Unlike others such as Terrell Owens or Albert Belle, he didn't have the stats to back up his attitude.
Yes, he had 20 points a game in a season once, but at the expense of the team; look up "Wrong Rim Ricky" for what I mean.
This depends on which side you take int he Omar Vizquel-Jose Mesa rivalry. The Pro-Omar people would definitely put him on this list. Here's an excerpt from Omar Vizquel's autobiography (according to Wikipedia, hopefully this is actually true in that case):
"The eyes of the world were focused on every move we made. Unfortunately, Jose's own eyes were vacant. Completely empty. Nobody home. You could almost see right through him. Not long after I looked into his vacant eyes, he blew the save and the Marlins tied the game."
If that's true, then Mesa's pretty much handing Cleveland someone to blame for the 1997 World Series, which was lost in Game Seven in the 11th inning, the closest they've ever gotten to a championship since 1964.
Here's another great of the game who Cleveland highly respects, but naturally love to hate as well. The Browns of the mid-1980s were actually really good, but like the Cavs, were held back by one man: John Elway.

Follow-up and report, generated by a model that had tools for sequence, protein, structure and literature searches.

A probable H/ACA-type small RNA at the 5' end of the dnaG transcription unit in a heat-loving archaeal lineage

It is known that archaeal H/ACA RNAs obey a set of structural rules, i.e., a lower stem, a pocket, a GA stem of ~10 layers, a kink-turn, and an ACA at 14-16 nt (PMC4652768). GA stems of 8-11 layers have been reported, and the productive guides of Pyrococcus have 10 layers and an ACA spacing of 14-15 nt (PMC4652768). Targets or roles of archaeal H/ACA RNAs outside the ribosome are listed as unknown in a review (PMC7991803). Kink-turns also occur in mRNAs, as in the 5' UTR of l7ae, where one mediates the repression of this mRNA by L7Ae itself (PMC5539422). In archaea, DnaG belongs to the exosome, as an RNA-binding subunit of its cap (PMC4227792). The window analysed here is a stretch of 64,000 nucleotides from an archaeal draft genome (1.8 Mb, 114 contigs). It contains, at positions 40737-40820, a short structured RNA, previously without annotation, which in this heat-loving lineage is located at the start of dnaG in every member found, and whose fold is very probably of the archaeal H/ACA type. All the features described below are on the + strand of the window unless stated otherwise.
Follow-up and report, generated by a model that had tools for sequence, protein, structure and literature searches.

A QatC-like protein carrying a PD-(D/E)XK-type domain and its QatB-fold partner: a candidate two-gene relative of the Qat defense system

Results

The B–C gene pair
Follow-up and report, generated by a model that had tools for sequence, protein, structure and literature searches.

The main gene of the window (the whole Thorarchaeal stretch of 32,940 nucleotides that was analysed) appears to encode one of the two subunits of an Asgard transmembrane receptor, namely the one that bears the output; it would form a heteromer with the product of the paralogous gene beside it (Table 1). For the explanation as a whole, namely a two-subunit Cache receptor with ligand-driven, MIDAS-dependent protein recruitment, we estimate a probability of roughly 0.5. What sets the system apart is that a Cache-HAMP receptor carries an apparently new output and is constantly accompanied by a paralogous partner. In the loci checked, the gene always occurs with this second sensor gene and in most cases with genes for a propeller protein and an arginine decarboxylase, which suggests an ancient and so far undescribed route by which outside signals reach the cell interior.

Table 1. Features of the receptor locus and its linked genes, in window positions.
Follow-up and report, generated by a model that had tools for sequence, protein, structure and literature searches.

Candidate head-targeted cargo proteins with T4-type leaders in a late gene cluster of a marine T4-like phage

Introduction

In 1986, the Browns were beaten by The Drive, then in 1987 they were beaten by The Fumble, both times against the Elway-led Broncos. The Browns lost again to Elway in 1989 and are still trying to find their way back to the top.
Of course, to add insult to injury, Elway won his titles during the Browns' nonexistence, so they couldn't even play them to try to get revenge.
Now we're getting to the major problems. Stepien makes Dolan look like the Owner of the Year. For anyone who complains about Ferry, Gilbert, and others not knowing what they're doing, they're miles better than this guy.
How bad was he for the Cavaliers? Under his ownership, the Cavaliers were considered, according to the New York Times, "perhaps the worst club and most poorly run franchise in professional basketball."
He even has the Stepien Rule named after him, to prevent owners from trading away first-round draft picks in consecutive years. The Cavs rebounded when owned by Gordon Gund, but for a while they were truly in the cellar, all thanks to Stepien.
He will slide down the list somewhat as the hurt wears off, but still. How many legends has Cleveland harbored? A handful, maybe. Bob Feller, Jim Brown...that's about it.
How many people have made Cleveland their home only to bail for greener pastures? Many have: CC Sabathia, Man-Ram, Carlos Boozer, the list goes on.
But none of them had the impact LeBron did. You know that Cleveland tourism video that says "Our economy is based on LeBron James?" That's not that far off.